2) Assessment of the flood damage on ‘micro’ scale landscape elements: the condition and value of physical elements that remained post flood were assessed in order to understand the damage caused and what items retained historical integrity. This phase drew upon earlier character studies, photographic evidence, discussions with local people and historic map studies. The assessment showed for example that the constrained river channel had been wider in places during the eighteenth century, and over time the channel had been in filled and riverside land had been built on to allow port activities to expand. The scheme allowed for the restoration of some lengths of bank to their earlier positions.
3) To review and tailor the engineering design options to the location: A significant element of the process was to define how much change could be tolerated by the protected landscape. This understanding of acceptable change influenced the development of design options. The most significant design interventions were directed towards those parts of the environment that had the greatest capacity to accommodate change or which would benefit most from enhancement whilst coping with flood flow predictions.
All proposals were evaluated in terms of their potential for beneficially influencing the overall sense of place in order to protect the historic integrity of the village.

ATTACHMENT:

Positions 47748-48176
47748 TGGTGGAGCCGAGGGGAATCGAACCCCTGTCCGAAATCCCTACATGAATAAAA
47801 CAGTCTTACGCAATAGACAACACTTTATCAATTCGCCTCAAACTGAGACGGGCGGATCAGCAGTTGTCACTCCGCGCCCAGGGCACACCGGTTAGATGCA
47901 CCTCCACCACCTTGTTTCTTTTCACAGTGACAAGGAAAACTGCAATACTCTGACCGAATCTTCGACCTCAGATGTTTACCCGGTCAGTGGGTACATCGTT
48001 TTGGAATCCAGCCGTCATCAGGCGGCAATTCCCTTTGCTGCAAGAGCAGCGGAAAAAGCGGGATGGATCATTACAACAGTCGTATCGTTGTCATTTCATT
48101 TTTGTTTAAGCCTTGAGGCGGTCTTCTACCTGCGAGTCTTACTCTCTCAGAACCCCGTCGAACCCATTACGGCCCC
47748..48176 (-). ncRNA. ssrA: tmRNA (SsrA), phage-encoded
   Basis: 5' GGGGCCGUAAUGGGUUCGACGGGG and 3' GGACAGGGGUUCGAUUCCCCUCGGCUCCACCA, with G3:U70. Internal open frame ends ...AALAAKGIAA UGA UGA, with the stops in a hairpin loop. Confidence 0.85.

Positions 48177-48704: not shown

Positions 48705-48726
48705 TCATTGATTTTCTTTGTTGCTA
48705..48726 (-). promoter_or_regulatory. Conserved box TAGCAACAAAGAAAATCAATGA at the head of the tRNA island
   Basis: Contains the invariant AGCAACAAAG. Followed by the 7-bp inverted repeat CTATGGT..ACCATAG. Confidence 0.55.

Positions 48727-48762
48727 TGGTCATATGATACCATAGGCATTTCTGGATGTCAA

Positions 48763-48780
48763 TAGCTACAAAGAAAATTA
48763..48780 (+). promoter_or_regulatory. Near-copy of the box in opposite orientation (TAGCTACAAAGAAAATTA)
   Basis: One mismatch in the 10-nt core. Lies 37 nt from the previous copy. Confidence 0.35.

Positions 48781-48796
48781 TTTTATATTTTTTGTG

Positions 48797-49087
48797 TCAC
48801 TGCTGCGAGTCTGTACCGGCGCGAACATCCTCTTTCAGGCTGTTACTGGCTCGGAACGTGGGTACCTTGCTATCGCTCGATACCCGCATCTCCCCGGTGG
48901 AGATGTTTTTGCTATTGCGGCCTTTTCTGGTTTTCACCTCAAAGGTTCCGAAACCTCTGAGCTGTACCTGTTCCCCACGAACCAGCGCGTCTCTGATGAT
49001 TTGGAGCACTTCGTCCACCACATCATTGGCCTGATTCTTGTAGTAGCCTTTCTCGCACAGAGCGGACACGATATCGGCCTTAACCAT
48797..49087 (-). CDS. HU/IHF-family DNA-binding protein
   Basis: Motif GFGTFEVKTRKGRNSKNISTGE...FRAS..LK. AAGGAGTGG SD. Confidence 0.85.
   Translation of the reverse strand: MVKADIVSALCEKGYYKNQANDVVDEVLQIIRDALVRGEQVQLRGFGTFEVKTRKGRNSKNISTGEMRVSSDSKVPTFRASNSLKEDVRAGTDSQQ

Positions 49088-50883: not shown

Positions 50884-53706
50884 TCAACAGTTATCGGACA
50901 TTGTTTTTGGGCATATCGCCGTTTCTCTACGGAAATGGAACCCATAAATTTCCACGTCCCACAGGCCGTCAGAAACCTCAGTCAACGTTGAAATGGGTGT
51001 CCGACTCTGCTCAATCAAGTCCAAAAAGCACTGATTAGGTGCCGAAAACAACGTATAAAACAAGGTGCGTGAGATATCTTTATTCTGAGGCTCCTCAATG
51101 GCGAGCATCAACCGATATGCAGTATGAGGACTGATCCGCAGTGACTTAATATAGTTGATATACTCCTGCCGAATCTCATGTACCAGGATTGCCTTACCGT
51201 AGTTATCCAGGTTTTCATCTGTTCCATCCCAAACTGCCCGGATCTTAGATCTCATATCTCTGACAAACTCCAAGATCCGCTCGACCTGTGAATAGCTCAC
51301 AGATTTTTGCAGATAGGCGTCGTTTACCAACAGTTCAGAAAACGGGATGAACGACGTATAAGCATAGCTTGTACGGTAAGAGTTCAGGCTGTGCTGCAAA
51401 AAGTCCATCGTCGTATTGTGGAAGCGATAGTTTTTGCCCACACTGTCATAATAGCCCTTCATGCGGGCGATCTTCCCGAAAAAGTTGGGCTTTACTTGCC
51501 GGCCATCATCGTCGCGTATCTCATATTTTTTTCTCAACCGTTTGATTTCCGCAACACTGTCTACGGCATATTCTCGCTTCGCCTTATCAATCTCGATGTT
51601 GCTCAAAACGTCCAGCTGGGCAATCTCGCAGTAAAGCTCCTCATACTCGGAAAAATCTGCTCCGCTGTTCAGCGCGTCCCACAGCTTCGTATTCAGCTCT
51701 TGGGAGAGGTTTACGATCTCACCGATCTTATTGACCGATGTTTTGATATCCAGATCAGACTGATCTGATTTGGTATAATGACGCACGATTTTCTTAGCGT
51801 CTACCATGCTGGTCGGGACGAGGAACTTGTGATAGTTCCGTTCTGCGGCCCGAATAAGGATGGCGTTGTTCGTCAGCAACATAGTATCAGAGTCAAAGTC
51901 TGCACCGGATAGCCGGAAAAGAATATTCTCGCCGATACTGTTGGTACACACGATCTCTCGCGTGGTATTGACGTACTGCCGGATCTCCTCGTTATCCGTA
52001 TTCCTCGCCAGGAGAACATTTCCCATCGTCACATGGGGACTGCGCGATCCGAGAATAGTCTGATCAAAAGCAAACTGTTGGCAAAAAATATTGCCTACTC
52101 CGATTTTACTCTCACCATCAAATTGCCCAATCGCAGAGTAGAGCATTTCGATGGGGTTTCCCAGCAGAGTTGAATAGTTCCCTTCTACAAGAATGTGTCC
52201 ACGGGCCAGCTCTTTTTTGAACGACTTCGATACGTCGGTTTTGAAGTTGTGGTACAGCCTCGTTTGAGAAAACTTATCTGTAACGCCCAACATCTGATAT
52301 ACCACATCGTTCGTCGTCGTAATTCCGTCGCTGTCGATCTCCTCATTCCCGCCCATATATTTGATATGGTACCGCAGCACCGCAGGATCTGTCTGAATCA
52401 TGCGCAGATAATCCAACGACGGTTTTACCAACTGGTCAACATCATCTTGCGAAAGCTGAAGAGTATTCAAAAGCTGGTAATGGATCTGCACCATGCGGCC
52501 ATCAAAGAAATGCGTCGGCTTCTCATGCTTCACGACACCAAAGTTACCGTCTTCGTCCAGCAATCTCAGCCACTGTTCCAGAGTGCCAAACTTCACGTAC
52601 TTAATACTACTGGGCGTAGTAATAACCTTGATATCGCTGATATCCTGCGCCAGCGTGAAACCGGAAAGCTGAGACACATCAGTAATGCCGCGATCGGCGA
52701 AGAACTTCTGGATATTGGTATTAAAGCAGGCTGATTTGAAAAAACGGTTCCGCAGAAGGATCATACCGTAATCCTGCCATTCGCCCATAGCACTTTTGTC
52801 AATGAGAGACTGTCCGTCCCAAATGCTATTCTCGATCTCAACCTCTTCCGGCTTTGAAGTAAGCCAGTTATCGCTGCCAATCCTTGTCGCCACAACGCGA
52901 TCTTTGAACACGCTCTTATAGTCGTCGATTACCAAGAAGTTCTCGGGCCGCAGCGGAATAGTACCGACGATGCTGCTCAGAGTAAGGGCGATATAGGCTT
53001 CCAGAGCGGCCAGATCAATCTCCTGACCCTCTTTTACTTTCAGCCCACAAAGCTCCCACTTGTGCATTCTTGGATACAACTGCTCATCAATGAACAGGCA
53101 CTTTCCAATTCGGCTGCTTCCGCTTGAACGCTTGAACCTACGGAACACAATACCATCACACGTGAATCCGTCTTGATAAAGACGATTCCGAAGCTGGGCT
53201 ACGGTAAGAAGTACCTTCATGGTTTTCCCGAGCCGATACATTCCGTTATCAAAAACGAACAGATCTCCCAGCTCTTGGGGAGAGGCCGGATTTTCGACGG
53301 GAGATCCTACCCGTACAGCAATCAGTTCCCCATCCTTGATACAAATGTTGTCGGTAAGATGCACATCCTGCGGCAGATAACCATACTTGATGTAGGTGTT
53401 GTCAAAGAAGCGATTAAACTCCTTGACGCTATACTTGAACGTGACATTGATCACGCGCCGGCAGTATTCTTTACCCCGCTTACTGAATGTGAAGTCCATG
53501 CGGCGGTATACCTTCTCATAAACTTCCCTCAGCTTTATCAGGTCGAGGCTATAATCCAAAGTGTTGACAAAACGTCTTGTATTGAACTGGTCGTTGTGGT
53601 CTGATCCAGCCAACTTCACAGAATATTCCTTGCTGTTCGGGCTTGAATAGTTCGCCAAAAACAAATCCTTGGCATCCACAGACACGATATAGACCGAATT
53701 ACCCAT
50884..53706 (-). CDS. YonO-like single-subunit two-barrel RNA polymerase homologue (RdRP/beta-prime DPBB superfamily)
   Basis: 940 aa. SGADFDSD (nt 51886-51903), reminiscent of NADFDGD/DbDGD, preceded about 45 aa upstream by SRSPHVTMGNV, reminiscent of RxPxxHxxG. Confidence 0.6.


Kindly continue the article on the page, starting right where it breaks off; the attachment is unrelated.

The widening and deepening of the river channel, a key element in increasing the capacity of the river to handle flood flows was facilitated through the preparation of a river walling design guide that identified and retained surviving, authentic stone walls, defined vernacular wall styles and walling techniques to be used. It also guided the selection of appropriate materials, stone sizes and colours to avoid any possibility of losing the key sense of detail, variety and authenticity.
The main car park access was improved and the parking area was moved away from the river edge incorporating the design of over land flow routes and vehicle escape routes, reducing the risk of flooding and improving the riverside environment. This improved river habitat and increased biodiversity potential through the use of native planting, meadow restoration and hedge replacement has been established on reinforced embankments beside new riverside footpaths.
The final element of the project was to reconnect the east and west banks by the harbour with a new foot and vehicle bridge to replace the one washed away by the flood. Considering the potential future flood flows, the picturesque protected setting and significant stakeholder influence, a number of options were developed and tested through the preparation of photomontages. The favoured bridge design, now complete, appears on post cards of Boscastle and has been recognised for the quality of its design.